Subject: Re: Inconsistent dependency handling
To: None <firstname.lastname@example.org>
From: Chapman Flack <email@example.com>
Date: 05/24/2006 18:29:17
> The major difference in that case is that bin-install does exact
> matching and pkg_add looks for the latest version of a package.
I think this picture is oversimplified. True, 'cd foo ; make bin-install'
will install an exact match of foo itself (which can only be out of date
if the pkgsrc tree is), but for prerequisites of foo, install-depends
preserves their specified Dewey wildcards and the sub-invocations of
bin-install pass these on to pkg_add.
> This description of the situation is IMO incorrect. pkgsrc normally
> requires exact matches for bin-install as dependency and therefore
Can you clarify what you mean by this? It seems possible that either I
am misunderstanding you, or we disagree as to what bsd.pkg.mk actually
> pkg_add wouldn't pick the best match. The only situation were this makes
> a difference is when a newer version is available as binary package than
> available in the tree. Often this is a broken dependency though.
Under what circumstances can a binary package be available in a newer
version than the tree knows how to build? Only, I would argue, when the
local tree is out of date. But the converse situation is rather common,
during the time lag between updating of the tree and the upload of new
binary packages. There it is important to recognize that an available
binary package will satisfy the requirement rather than forcing a source
build of the very newest; that's why install-depends behaves as it does.
> I'd prefer to see options encoded in the binary package name instead,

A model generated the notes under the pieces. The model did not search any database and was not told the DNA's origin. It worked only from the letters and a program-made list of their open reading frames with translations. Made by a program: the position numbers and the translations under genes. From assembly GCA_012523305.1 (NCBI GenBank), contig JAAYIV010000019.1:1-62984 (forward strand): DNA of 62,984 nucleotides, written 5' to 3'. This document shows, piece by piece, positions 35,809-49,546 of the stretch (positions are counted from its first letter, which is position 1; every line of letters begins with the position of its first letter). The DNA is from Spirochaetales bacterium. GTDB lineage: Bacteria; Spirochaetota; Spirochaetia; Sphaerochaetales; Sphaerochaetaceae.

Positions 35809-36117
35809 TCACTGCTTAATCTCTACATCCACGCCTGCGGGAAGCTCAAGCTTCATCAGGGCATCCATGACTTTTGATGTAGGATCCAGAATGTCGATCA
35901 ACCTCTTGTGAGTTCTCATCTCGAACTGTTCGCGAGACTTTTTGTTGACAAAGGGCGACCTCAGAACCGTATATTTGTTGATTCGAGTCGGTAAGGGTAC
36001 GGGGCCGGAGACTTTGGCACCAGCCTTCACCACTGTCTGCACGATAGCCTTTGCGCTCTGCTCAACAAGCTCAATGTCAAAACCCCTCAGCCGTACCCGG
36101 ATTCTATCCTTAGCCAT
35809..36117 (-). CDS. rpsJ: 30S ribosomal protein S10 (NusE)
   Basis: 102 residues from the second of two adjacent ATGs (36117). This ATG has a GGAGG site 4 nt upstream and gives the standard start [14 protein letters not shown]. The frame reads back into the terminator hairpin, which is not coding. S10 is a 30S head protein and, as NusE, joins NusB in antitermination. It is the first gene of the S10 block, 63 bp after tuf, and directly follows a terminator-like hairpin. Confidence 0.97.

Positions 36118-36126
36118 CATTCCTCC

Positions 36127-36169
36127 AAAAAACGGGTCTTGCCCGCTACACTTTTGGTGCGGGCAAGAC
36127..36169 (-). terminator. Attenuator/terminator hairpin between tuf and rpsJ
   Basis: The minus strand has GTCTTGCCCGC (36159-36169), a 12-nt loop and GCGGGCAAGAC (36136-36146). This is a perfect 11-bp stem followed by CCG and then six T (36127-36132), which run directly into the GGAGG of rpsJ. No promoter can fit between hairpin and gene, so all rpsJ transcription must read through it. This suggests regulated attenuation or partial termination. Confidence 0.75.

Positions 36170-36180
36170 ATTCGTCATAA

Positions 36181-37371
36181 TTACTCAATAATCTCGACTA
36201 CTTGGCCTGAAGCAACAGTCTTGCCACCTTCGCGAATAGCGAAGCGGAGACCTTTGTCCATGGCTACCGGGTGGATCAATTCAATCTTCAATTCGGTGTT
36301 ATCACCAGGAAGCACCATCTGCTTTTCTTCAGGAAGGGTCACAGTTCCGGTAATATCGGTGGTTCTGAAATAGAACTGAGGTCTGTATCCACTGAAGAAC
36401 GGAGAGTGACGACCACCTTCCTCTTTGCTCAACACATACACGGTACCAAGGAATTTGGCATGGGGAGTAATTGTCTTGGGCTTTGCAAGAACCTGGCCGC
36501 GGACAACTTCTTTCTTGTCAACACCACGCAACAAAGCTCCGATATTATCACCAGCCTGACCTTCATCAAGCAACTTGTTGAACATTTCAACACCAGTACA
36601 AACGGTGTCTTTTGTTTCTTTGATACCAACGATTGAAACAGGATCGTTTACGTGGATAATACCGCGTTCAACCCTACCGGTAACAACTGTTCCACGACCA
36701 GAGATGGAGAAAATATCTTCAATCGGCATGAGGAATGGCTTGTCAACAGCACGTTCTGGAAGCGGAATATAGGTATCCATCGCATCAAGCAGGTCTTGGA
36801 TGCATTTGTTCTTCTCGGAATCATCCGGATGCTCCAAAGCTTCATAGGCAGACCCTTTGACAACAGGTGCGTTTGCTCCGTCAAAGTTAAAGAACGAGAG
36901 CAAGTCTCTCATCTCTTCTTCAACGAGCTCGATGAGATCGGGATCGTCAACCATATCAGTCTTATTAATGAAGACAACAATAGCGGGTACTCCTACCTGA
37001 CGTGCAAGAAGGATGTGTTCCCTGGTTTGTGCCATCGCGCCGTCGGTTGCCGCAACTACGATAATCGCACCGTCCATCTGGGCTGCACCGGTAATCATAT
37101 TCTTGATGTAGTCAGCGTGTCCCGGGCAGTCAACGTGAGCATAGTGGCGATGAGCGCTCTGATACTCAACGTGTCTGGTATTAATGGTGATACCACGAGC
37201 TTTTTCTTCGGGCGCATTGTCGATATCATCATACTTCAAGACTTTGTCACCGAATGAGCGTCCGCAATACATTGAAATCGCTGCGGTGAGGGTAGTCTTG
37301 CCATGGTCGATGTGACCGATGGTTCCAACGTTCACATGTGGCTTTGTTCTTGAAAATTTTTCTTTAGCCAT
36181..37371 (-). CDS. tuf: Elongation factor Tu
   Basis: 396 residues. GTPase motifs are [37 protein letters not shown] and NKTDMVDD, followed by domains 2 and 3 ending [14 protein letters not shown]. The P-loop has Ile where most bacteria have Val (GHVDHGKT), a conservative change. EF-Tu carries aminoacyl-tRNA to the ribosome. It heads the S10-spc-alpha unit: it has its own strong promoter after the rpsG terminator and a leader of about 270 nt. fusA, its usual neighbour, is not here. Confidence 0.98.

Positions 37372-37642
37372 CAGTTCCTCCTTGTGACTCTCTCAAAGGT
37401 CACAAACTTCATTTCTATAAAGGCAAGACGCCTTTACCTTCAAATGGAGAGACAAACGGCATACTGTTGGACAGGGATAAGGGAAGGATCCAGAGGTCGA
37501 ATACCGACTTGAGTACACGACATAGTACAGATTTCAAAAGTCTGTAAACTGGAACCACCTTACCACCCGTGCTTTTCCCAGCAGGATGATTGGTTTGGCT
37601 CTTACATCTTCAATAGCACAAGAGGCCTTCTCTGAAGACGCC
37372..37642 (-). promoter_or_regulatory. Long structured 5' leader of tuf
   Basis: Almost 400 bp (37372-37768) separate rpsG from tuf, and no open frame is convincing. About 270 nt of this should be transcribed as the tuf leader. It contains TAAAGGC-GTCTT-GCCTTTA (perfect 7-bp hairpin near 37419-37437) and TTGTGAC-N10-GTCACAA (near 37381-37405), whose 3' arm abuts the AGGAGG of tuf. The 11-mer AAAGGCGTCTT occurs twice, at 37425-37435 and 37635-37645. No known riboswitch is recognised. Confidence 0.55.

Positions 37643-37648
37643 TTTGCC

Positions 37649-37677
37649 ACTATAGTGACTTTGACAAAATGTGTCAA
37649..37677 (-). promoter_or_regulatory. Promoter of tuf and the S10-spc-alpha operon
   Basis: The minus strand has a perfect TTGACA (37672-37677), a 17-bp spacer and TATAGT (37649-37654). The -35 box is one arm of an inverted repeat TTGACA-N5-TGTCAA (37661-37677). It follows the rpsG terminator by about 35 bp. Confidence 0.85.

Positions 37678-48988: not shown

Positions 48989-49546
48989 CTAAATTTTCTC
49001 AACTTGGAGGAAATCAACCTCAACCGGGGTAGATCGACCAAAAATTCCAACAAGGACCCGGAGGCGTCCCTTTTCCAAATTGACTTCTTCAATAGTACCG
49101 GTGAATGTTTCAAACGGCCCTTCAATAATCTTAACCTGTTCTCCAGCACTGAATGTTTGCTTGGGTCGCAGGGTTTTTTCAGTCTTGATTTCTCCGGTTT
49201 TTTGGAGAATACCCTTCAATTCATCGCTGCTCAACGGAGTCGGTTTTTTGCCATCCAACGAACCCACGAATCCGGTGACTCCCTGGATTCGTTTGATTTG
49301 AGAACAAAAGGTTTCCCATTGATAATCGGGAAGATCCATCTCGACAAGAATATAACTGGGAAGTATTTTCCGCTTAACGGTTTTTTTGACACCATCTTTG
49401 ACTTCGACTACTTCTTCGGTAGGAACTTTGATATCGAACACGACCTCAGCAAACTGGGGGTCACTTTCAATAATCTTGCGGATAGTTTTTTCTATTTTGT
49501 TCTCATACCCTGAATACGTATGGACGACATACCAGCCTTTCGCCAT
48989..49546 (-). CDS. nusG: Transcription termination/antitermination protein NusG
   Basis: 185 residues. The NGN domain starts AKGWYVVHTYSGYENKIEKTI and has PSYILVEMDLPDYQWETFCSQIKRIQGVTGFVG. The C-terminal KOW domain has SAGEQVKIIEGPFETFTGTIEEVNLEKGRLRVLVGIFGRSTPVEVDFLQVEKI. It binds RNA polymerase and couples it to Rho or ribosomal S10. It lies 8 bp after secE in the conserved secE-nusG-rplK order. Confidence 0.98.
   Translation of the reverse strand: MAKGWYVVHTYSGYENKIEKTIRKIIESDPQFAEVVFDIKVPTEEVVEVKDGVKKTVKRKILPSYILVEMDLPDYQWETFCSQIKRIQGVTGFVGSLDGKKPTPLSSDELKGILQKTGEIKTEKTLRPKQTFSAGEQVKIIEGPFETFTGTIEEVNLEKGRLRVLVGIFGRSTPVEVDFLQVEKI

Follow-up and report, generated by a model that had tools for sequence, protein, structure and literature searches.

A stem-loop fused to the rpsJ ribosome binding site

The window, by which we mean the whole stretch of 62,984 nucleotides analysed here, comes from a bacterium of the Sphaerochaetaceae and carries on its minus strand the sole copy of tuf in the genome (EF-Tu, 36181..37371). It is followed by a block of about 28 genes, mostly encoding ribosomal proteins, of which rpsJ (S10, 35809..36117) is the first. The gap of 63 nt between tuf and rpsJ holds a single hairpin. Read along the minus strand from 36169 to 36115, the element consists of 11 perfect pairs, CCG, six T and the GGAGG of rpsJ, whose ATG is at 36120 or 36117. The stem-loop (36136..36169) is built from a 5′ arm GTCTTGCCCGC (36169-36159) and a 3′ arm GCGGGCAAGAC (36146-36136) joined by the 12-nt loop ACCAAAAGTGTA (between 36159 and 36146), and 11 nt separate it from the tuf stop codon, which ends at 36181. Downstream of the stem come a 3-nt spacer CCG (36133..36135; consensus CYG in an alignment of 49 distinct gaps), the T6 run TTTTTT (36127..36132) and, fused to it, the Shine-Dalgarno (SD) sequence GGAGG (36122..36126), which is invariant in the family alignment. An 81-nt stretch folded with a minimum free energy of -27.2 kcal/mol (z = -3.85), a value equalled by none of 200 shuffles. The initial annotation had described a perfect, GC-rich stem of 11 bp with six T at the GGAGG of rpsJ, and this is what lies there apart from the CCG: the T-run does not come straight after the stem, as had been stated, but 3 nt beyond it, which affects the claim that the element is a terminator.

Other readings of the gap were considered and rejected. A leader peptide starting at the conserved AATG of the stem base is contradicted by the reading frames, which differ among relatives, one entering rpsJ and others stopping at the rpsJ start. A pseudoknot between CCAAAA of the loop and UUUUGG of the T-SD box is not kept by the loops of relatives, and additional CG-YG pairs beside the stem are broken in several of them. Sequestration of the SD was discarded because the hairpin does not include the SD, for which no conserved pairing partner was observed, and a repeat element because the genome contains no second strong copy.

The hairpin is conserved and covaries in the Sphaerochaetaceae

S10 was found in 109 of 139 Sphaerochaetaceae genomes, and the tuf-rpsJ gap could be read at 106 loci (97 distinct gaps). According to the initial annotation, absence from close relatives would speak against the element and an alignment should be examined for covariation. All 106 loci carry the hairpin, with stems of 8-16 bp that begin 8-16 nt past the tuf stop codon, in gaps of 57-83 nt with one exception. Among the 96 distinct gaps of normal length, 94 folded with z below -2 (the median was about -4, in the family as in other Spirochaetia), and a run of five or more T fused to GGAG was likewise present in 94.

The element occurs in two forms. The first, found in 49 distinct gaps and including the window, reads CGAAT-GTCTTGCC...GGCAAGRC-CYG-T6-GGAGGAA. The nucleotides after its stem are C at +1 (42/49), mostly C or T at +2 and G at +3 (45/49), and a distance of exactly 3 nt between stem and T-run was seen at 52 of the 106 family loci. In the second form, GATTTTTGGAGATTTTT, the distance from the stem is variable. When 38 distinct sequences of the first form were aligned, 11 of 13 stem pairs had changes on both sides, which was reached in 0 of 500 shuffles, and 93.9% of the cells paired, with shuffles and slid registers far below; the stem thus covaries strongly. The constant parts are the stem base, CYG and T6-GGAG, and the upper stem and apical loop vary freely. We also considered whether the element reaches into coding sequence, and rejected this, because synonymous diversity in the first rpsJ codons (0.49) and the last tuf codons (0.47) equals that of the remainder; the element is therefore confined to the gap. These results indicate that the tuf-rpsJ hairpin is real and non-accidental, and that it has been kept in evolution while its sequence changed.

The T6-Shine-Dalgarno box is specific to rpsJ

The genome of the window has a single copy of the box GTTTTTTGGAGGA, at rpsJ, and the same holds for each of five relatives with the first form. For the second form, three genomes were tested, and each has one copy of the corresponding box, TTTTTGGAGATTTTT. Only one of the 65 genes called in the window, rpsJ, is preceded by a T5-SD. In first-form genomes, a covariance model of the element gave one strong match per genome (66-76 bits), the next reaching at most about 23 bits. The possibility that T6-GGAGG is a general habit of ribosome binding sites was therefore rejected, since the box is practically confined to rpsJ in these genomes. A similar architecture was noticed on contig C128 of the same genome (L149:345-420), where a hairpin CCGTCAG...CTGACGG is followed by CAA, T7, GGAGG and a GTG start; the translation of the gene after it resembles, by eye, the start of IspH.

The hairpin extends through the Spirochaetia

> which would fix this problem as well. It would need some extensions to
> Dewey to match options, but that's a separate question.
That would be another workable approach, but then it should not be
forgotten that pkg_add needs to know what combinations of options to
look for; this information cannot come solely from packages' internal
dependency lists, because site choices are involved; those choices are
currently recorded in mk.conf in a rich syntax parsable by make, and
I think it's important that they be recorded in /one/ place, and
> pkg_add should *never* consult the make system. The relationship if any
> is "source build use pkg_add", but never the other way around. This
That is the question, and I'm not sure I'm yet convinced that's the best
answer to it. The make system is where the information is. Even if some
of the information gets written into the package files, the make system is
where it came from. It is recorded there in compact and sophisticated
ways using variables, arrays, conditional, inclusion, and looping
constructs that pkg_add does not currently duplicate and arguably should
I don't think a user of the system will be especially impressed by the
philosophical purity of a separation, if the effect is a system that is
harder to use and less well integrated. Any way you slice it, the two
systems /are/ interdependent. They are interdependent for the inevitable
reason that binary builds are not always available for the packages you
need, in the versions and configurations you need, when you need them,
so a source build fallback is necessary, and yet source-building everything
may be prohibitively expensive, so it must be easy to have packages
binary-installed when available in the right versions/options. The
philosophical decisions about how the parts of our system should or should
not interact need to be judged by how well the resulting total system
will perform under those inescapable demands.
> might be solvable by requesting pkg_add to be non-recursive, but in
That would be a solution, but it would have a higher performance cost
than one that does as much work as possible and appropriate in a single
> general is a difficult problem. I'm not sure whether this can be solved
> elegantly though. A combination of pkg-summary and a "reject" list (aka
> don't install binary packages matching this pattern) might do this, but
> frankly I'm not sure if it worth the trouble.
Right now we have a system where an objective that is really easy
to state--outfit my system with these specified packages, and whatever
they require, observing these specified constraints on versions and
options, and do it by binary installing whatever possible and building
the rest--is practically unachievable, and where the failure modes would
sometimes strike a new user as downright goofy. If that can be improved
some, I think it could be well worth the trouble.